• A survey of engagement and competence levels in interventions and activities in a community mental health workforce in England.

      Lang, Linda; Orton, Sophie; Sallah, David; Hewitt-Moran, Teresa; Zhang, Dongmei; Cullen, Sean; Dixon, Sheila; Bell, Brian; Bell, David; Meeson, Lesley; et al. (Biomed Central, 2011-12-29)
      National Health Service (NHS) mental health workforce configuration is at the heart of successful delivery, and providers are advised to produce professional development strategies. Recent policy changes in England have sharpened the focus on competency based role development. We determined levels of intervention activities, engagement and competence and their influencing factors in a community-setting mental health workforce. Using a modified questionnaire based on the Yorkshire Care Pathways Model we investigated 153 mental health staff working in Coventry and Warwickshire NHS Trust. A median score of competence was computed across 10 cluster activities. Low engagement and competence levels were examined in a logistic regression model. In 220 activities, Monitoring risk was the highest rate of engagement (97.6%) and Group psychological therapy/Art/Drama therapy was the lowest engagement (3.6%). The median competence level based on all activities was 3.95 (proficient). There were significant differences in the competence level among professional groups; non-qualified support group (3.00 for competent), Counsellor/Psychologist/Therapist (3.38), Occupational therapists (3.76), Nurses (4.01), Medical staff (4.05), Social workers (4.25) and Psychologists (4.62 for proficient/expert). These levels varied with activity clusters; the lowest level was for Counsellor/Psychologist/Therapist in the accommodation activity (1.44 novice/advance beginner) and the highest for Occupational therapists in personal activity (4.94 expert). In a multivariate analysis, low competence was significantly related to non-qualified community support professions, late time of obtaining first qualification, more frequencies of clinical training, and training of cognitive behavioural therapy. The associations were similar in the analysis for 10 activity clusters respectively. There was a reasonable competence level in the community-setting mental health workforce, but competence varied with professional groups and cluster activities. New staff and other non-qualified support professions need to receive efficient training, and the training content is more important than frequency to increase level of competence.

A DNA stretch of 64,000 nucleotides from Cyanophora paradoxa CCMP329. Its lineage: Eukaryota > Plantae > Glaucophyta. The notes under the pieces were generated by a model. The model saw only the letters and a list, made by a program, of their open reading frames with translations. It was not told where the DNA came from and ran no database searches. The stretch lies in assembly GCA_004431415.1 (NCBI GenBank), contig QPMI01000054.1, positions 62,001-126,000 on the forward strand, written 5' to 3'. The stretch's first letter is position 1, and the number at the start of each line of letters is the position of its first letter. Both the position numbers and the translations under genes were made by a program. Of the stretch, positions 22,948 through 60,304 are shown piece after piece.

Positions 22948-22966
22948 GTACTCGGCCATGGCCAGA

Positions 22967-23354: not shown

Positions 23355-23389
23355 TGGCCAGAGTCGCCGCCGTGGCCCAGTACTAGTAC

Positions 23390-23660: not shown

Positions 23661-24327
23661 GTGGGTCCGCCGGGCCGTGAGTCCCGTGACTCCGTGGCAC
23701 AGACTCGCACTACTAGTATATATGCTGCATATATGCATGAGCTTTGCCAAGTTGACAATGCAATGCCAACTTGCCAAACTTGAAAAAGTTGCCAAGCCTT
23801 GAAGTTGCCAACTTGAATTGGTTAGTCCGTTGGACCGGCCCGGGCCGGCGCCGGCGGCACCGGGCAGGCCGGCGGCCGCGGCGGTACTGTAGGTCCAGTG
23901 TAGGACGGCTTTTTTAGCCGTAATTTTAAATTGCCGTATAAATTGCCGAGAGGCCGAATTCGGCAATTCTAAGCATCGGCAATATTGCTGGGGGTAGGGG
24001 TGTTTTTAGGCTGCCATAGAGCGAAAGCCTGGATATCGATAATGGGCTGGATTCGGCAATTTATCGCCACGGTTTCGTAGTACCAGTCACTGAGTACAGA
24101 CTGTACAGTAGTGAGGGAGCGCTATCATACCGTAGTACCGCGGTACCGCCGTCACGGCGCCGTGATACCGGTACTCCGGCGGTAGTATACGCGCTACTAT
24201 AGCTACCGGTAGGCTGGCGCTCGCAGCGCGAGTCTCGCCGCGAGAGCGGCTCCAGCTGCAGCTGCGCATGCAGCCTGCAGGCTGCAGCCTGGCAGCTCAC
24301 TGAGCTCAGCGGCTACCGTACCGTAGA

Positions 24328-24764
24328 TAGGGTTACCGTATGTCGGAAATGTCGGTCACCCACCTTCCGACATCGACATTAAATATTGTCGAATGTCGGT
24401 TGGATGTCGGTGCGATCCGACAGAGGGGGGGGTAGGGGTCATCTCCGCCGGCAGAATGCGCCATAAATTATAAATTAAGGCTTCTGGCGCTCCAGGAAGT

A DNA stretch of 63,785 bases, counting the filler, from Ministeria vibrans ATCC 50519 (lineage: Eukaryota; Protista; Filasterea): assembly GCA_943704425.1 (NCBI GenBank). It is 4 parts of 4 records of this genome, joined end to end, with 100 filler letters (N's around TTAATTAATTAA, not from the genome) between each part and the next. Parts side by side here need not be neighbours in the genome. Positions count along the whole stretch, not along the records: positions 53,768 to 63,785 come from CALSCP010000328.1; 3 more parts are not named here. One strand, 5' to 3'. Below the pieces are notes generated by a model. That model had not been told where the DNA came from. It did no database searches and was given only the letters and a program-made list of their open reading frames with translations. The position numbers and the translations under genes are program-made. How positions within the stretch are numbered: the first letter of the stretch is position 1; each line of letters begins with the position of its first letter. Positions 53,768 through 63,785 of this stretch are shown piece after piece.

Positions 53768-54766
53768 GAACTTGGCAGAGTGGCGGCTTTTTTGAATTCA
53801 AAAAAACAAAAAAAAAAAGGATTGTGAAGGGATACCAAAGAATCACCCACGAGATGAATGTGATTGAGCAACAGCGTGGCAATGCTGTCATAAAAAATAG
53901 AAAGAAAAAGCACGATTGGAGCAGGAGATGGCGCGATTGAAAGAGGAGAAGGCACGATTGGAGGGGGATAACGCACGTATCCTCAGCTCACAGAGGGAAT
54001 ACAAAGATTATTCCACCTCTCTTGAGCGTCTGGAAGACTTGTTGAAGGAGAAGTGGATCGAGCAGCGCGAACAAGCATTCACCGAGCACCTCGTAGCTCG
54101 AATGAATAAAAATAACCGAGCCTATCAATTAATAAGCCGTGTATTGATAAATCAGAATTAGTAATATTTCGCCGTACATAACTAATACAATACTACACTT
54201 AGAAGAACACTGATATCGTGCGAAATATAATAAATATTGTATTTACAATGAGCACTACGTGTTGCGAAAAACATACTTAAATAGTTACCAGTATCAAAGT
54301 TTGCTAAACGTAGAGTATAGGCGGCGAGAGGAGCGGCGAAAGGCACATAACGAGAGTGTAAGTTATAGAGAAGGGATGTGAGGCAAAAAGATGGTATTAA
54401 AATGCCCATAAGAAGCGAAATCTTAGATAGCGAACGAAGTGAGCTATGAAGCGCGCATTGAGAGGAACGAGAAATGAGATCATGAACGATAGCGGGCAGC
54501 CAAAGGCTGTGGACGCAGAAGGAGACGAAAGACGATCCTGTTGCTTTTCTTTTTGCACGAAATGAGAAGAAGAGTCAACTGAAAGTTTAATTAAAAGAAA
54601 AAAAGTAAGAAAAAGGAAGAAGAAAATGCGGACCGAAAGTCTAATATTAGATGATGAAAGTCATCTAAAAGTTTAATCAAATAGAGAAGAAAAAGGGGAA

• Association between environmental tobacco smoke exposure and dementia syndromes

      Chen, Ruoling; Wilson, Kenneth; Chen, Yang; Zhang, Dongmei; Qin, Xia; He, M; Hu, Zhi; Ma, Ying; Copeland, John R; School of Health Administration, Anhui Medical University, Hefei, China. ruoling.chen@kcl.ac.uk (BMJ, 2013-01-01)